There is every likelihood that the proposals, if adopted (on which, see below), will generate as much controversy over whether the criteria are met as existing legal regimes. And even if a platform meets two or more of the above criteria, the legal presumption is a rebuttable one. This means that a platform could go on to prove in legal proceedings that the contractual relationship in question is not, in fact, an “employment relationship”. The burden of proof for doing so will be on the platform. Member States will be required to “ensure the possibility for any of the parties” (including the individual as well as the platform) to rebut the presumption, and seem to be given a fairly free hand to go about deciding how to do this, although they must “ensure that information on the application of the legal presumption is made publicly available in a clear, comprehensive and easily accessible way” and “develop guidance… to understand and implement the legal presumption including on the procedures for rebutting it”. An enhanced role for labour inspectorates and similar enforcement authorities is also contemplated. While ECJ case law will need to be taken into account, there remains the possibility for divergent approaches between Member States, with some allowing the presumption to be rebutted relatively easily, and others taking a much stricter approach. It is likely that existing tests for employment status which have been established under domestic law will play a role.
Under the proposed Directive, both workers and the genuinely self-employed will gain rights over the use of algorithms by digital platforms. Algorithms can be used to monitor, supervise or evaluate work performance, or to take or support decisions which affect working conditions. Digital platforms will be required to provide information to their platform workers regarding their use and the key features of their automated monitoring and automated decision-making systems.
In addition, workers will have the right to receive explanations for and contest automated decisions that significantly impact their working conditions. In these circumstances, the digital platform will have to ensure access to a human being, who will be able to discuss and clarify the facts, circumstances and reasons which led to the decision.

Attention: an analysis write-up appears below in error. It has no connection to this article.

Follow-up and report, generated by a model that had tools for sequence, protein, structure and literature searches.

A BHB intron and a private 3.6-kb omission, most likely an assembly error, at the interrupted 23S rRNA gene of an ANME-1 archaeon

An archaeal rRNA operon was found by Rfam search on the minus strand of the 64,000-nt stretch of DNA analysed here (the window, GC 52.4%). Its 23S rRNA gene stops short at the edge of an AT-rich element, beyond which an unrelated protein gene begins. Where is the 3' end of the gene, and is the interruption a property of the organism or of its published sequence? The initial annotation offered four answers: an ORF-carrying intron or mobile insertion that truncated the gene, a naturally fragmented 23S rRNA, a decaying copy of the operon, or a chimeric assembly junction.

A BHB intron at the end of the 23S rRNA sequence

This will aim to prevent situations where platform workers could be denied jobs or working hours, or have their engagement terminated because of a machine’s decision.
Digital platforms will not be allowed to process any personal data concerning platform workers that are not intrinsically connected to and necessary for the performance of their contract. This will include data on private conversations and on the health, psychological or emotional state of the platform worker.
Other key points in the Directive include:
- Platform workers are to be protected against dismissal or detriment for seeking to enforce their rights under the Directive;
- There will be a new obligation to ensure information and consultation of platform workers’ representatives or, where there are no such representatives, of the platform workers themselves, on decisions “likely to lead to the introduction of or substantial changes in the use of automated monitoring and decision-making systems”;
- Digital labour platforms (which, as noted above, may have a very wide definition) will also be obliged to declare work performed by platform workers to “the competent labour and social protection authorities of the Member State in which they work”. This is apparently with an eye to facilitating the collection of tax and social security and allowing labour inspectors to scrutinise them.
It is important to note that nothing will change overnight. The proposed Directive will now be considered by the European Parliament and the Council. Discussions will then take place between the EU institutions before the final text of the Directive can be agreed by the Parliament and the Council. This process can take up to two years, and it is likely the Directive will be subject to significant lobbying and might change. Once adopted, Member States will then have two years to implement the Directive into national law, meaning that it could be up to four years before the new rules are effective in the EU-27.
Since Brexit, the UK has no obligation to follow EU laws. However, under the Trade and Cooperation agreement, if the UK diverges significantly from the EU in relation to employment rights in a way that materially impacts trade or investment, the EU can take “appropriate rebalancing measures”, including tariffs. This means that while the UK is not required to align its future employment law with the Directive, a significant divergence could ultimately attract tariffs.
This is a fast-moving area. Please get in touch with your usual Lewis Silkin contact if you need any support understanding your employment rights and obligations.